New school discipline law could prove costly for Island taxpayers

— File photo by Susan Safford

Island school administrators are grappling with the details and potential costs of Chapter 222, a new state law that mandates changes in school discipline, which takes effect July 1. Of most concern is the requirement that school districts and charter schools must provide alternative educational services for students who are suspended or expelled from school, and pay for the associated costs.

“Basically, it says that for short-term suspensions up to 10 days, we have to allow the student to make up the work and get the credit; that’s not a big deal,” superintendent of Martha’s Vineyard Public Schools James Weiss explained in a recent phone conversation with The Times.

“But for anything over 10 days we have to have an educational services plan in place as to how we’re going to deal with kids who get long-term suspensions, exclusions or expulsions, because they have to have an alternative program.”

He added, “And that program is going to have an impact financially.”

For example, Martha’s Vineyard Regional High School (MVRHS) currently maintains a list of alternative educational services to recommend to parents of suspended or expelled students. But it is not required to provide them.

“That’s changed with this law,” Mr. Weiss said. “We now are responsible.”

Time out limits

The new law also establishes an additional section under Chapter 71 of the Massachusetts General Laws, which outlines a system of due process procedures that school administrators must follow when suspending or expelling a student for non-serious offenses that do not involve drugs, weapons, violence, or criminal activities.

Under current school rules, students may be suspended, excluded from school for a period of one to two semesters, or expelled, which means permanent removal from the school. The new law limits the length of suspensions or expulsions for non-serious offenses to a maximum of 90 days. Mr. Weiss said the change will require a policy revision for Martha’s Vineyard Public Schools.

“In either case, whether students commit serious or non-serious offenses, we are going to have to provide them with education,” Mr. Weiss said.

In order to do that, the law requires principals and headmasters to create a school-wide education service plan. Mr. Weiss said plans can vary from building to building, and may include, but are not limited to, tutoring, alternative placement, Saturday school, and online or distance learning.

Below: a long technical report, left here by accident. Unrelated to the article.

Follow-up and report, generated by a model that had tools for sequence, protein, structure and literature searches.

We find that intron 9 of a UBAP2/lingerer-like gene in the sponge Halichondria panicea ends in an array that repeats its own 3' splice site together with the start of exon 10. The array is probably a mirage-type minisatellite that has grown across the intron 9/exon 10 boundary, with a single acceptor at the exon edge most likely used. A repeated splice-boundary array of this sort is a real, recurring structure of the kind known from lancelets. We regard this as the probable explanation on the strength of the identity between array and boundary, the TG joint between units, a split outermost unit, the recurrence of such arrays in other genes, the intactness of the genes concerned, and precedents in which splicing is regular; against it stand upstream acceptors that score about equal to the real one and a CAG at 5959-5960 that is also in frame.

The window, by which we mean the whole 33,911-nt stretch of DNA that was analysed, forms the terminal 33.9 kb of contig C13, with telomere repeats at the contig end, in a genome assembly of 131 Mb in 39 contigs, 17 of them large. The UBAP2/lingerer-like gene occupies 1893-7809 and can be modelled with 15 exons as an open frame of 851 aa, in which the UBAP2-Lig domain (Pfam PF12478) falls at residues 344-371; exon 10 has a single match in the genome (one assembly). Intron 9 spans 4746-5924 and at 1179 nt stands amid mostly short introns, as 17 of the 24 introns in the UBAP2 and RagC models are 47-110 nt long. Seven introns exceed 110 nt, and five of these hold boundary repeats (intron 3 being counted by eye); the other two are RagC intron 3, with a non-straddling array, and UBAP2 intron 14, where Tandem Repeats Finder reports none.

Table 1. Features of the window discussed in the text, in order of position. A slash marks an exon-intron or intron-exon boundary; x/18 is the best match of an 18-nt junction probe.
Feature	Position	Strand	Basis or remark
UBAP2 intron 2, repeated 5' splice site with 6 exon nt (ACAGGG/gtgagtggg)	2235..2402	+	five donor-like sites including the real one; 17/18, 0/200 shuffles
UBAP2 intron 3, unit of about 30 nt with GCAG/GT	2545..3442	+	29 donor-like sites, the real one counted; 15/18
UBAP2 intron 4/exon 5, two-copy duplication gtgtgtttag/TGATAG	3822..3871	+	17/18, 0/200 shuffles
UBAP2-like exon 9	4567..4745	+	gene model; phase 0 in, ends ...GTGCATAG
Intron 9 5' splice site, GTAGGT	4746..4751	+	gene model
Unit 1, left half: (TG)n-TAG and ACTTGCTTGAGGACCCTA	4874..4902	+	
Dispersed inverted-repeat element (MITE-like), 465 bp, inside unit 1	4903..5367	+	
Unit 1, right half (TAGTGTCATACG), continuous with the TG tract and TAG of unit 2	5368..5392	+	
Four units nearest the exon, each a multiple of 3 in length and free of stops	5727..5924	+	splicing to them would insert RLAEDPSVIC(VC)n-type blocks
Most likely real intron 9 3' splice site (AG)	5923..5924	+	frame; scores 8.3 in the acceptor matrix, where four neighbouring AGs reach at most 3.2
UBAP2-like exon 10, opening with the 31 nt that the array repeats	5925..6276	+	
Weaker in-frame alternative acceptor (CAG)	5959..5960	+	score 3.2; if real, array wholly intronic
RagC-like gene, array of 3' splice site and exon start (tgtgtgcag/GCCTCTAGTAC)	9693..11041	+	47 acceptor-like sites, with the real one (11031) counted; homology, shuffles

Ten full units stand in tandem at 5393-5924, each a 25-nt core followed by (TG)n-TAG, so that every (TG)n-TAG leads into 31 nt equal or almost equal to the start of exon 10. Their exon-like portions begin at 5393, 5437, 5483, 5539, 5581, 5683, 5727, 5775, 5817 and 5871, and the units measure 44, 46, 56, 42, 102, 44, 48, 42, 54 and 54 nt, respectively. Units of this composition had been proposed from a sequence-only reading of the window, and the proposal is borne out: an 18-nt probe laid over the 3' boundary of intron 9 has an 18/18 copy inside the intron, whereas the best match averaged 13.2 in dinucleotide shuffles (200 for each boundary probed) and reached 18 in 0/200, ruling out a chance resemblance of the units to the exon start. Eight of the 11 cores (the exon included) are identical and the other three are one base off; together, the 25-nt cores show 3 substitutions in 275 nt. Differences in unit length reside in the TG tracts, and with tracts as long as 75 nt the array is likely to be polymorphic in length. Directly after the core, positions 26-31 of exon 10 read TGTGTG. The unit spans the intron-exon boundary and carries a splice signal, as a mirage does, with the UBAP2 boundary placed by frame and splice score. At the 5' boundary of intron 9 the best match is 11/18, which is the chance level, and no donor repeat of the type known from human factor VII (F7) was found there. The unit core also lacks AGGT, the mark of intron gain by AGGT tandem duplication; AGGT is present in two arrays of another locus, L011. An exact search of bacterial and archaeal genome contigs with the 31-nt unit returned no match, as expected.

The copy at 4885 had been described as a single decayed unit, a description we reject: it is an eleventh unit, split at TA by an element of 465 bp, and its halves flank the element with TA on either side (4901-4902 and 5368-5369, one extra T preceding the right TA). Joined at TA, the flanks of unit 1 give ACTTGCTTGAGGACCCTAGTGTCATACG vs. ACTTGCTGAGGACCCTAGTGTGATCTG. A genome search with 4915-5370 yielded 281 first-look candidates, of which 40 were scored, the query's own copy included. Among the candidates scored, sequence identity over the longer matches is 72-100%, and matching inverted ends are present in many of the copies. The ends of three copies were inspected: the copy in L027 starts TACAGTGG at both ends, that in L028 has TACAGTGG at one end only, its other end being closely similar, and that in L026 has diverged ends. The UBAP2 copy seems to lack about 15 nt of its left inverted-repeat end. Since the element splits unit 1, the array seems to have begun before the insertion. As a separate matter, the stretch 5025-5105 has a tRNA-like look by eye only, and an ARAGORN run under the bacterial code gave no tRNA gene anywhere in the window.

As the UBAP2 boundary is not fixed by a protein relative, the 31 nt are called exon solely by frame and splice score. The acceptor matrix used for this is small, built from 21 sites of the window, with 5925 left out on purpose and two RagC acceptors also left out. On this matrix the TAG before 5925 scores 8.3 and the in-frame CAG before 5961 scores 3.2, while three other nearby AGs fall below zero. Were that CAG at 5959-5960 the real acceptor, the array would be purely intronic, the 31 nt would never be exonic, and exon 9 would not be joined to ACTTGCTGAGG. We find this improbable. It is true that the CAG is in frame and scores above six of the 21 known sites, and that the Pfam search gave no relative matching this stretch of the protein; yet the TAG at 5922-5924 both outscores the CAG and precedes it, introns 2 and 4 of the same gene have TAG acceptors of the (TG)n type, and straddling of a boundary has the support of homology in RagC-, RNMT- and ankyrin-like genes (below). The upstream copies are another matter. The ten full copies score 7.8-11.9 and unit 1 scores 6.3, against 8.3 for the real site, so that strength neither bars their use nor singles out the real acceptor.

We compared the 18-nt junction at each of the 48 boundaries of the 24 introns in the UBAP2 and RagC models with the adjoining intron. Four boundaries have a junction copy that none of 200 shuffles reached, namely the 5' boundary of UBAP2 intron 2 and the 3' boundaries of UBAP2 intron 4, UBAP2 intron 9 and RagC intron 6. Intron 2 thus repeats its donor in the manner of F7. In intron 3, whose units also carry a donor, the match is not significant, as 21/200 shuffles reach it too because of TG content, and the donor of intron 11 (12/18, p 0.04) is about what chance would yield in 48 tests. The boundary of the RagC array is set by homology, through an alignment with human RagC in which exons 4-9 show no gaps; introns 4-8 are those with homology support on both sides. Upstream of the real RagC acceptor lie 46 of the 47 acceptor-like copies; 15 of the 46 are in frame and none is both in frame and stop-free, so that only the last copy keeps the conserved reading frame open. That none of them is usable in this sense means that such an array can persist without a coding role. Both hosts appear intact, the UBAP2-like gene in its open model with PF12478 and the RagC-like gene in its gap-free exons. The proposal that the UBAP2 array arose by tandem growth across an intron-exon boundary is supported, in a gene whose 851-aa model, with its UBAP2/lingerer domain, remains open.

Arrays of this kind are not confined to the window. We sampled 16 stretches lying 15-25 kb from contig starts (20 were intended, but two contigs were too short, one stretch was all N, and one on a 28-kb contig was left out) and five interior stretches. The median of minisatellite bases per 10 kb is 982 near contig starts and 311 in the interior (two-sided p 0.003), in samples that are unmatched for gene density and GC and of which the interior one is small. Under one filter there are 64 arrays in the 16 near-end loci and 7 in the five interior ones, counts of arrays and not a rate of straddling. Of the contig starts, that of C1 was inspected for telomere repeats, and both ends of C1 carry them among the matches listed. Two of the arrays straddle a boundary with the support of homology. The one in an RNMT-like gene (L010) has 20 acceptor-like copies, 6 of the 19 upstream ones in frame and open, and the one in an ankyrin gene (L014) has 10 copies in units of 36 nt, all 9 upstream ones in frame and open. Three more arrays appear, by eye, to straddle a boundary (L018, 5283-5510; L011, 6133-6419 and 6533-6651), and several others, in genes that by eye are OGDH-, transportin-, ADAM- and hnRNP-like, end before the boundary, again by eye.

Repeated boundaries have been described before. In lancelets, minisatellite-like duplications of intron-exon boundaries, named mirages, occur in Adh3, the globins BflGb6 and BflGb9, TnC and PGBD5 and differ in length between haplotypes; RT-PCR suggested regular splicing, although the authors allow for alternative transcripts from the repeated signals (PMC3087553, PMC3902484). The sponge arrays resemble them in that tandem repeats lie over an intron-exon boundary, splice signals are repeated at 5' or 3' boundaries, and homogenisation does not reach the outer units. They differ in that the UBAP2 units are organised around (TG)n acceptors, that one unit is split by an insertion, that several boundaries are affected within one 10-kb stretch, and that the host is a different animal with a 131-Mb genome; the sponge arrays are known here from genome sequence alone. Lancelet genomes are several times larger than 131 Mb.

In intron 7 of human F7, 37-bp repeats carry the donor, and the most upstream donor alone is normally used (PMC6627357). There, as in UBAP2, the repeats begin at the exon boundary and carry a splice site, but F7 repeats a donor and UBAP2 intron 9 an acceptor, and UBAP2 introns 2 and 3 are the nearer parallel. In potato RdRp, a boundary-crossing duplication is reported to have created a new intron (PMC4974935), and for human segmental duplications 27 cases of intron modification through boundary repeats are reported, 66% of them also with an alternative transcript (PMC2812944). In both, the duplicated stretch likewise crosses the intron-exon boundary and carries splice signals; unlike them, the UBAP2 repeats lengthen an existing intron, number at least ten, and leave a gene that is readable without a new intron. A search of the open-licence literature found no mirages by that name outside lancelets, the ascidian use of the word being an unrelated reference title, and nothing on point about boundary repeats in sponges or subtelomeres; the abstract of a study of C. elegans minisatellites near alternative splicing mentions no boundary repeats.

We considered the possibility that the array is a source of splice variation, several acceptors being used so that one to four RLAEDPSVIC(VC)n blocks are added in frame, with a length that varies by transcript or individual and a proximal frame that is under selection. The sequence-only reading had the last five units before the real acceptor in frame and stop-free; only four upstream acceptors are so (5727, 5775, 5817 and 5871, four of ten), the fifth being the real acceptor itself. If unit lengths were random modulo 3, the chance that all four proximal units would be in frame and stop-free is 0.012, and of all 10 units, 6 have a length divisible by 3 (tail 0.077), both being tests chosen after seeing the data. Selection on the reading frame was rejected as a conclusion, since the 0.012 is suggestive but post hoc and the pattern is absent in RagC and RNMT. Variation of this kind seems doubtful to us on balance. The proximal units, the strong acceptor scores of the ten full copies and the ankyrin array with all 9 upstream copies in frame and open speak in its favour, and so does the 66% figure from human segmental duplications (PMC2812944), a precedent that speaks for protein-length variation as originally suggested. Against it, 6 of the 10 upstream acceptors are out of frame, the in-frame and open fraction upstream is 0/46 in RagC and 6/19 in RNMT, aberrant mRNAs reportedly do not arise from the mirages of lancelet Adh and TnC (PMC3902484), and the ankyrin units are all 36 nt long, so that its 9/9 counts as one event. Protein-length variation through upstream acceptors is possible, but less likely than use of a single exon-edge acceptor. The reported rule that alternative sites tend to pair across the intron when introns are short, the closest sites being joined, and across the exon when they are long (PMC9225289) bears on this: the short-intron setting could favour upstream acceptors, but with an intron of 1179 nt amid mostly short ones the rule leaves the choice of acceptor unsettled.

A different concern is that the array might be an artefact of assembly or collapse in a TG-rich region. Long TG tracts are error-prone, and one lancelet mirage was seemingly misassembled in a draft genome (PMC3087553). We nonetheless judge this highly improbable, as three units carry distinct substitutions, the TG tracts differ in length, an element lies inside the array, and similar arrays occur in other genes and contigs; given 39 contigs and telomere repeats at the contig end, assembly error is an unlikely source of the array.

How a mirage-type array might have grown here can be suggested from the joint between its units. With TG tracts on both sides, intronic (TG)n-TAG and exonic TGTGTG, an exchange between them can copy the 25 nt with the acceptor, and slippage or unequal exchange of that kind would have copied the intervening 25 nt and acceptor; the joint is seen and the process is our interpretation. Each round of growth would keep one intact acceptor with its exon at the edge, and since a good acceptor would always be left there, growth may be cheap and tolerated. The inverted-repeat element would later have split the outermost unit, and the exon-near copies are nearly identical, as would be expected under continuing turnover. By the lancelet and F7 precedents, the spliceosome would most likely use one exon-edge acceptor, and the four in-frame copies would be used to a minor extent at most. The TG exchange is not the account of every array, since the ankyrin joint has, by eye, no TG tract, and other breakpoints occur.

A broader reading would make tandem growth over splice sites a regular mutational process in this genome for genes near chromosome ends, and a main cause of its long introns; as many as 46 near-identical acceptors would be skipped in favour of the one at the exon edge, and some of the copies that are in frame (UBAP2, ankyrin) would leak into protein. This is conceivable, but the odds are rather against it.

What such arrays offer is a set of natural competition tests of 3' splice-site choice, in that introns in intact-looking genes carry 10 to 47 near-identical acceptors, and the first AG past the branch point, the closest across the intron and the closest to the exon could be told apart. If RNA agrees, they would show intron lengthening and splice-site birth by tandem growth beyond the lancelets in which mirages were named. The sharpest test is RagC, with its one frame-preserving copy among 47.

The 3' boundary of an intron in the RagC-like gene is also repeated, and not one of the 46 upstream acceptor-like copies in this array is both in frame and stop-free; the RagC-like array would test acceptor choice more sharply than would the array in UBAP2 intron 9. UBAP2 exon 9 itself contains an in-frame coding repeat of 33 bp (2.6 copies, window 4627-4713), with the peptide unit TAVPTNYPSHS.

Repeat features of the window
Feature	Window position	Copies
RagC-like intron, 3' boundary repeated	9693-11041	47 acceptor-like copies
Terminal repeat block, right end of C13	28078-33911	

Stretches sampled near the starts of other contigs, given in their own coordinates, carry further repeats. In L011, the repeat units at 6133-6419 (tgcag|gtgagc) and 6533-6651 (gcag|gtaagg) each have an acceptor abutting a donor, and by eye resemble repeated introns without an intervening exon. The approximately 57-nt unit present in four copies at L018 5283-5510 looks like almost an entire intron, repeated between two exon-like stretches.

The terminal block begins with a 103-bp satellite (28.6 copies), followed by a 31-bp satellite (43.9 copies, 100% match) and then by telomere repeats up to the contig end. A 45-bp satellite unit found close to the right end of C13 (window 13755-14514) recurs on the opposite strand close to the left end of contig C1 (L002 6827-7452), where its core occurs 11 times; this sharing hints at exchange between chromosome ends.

“It probably won’t have an impact on the elementary schools, because they rarely suspend or exclude kids for more than a day,” Mr. Weiss said. “But at the high school, it could be an issue.”

Currently, there is nothing in place in the high school that would mesh with a new program, he added.

Asked about numbers, Mr. Weiss said, “I’m going to say it’s less than ten kids that we’re really talking about. But those ten kids could require us to hire a teacher.”

Work in progress

In preparation for implementing the changes, Mr. Weiss has formed a discipline committee made up of principals and assistant principals. The committee will meet this week to discuss what they’ve learned and to try to work out the details as soon as possible.

“We’re going to look primarily at the high school, but we’re going to have plans in place at the elementary schools in case we should need them,” Mr. Weiss said.

One question is how to provide an education for students who receive long-term suspensions or exclusions. “Whether it’s going to be a tutoring program, an evening program, a Saturday program, an online program, we haven’t decided that yet,” he said.

Martha’s Vineyard Public Charter School director Bob Moore, in an email to The Times, said the average number of students suspended has been five per year over the last five years. He did not mention any expulsions.

Asked if he and the staff have developed a plan for providing educational services to suspended and expelled students, Mr. Moore said, “The Charter School has provided educational services to suspended students in the past and will do so in the future.”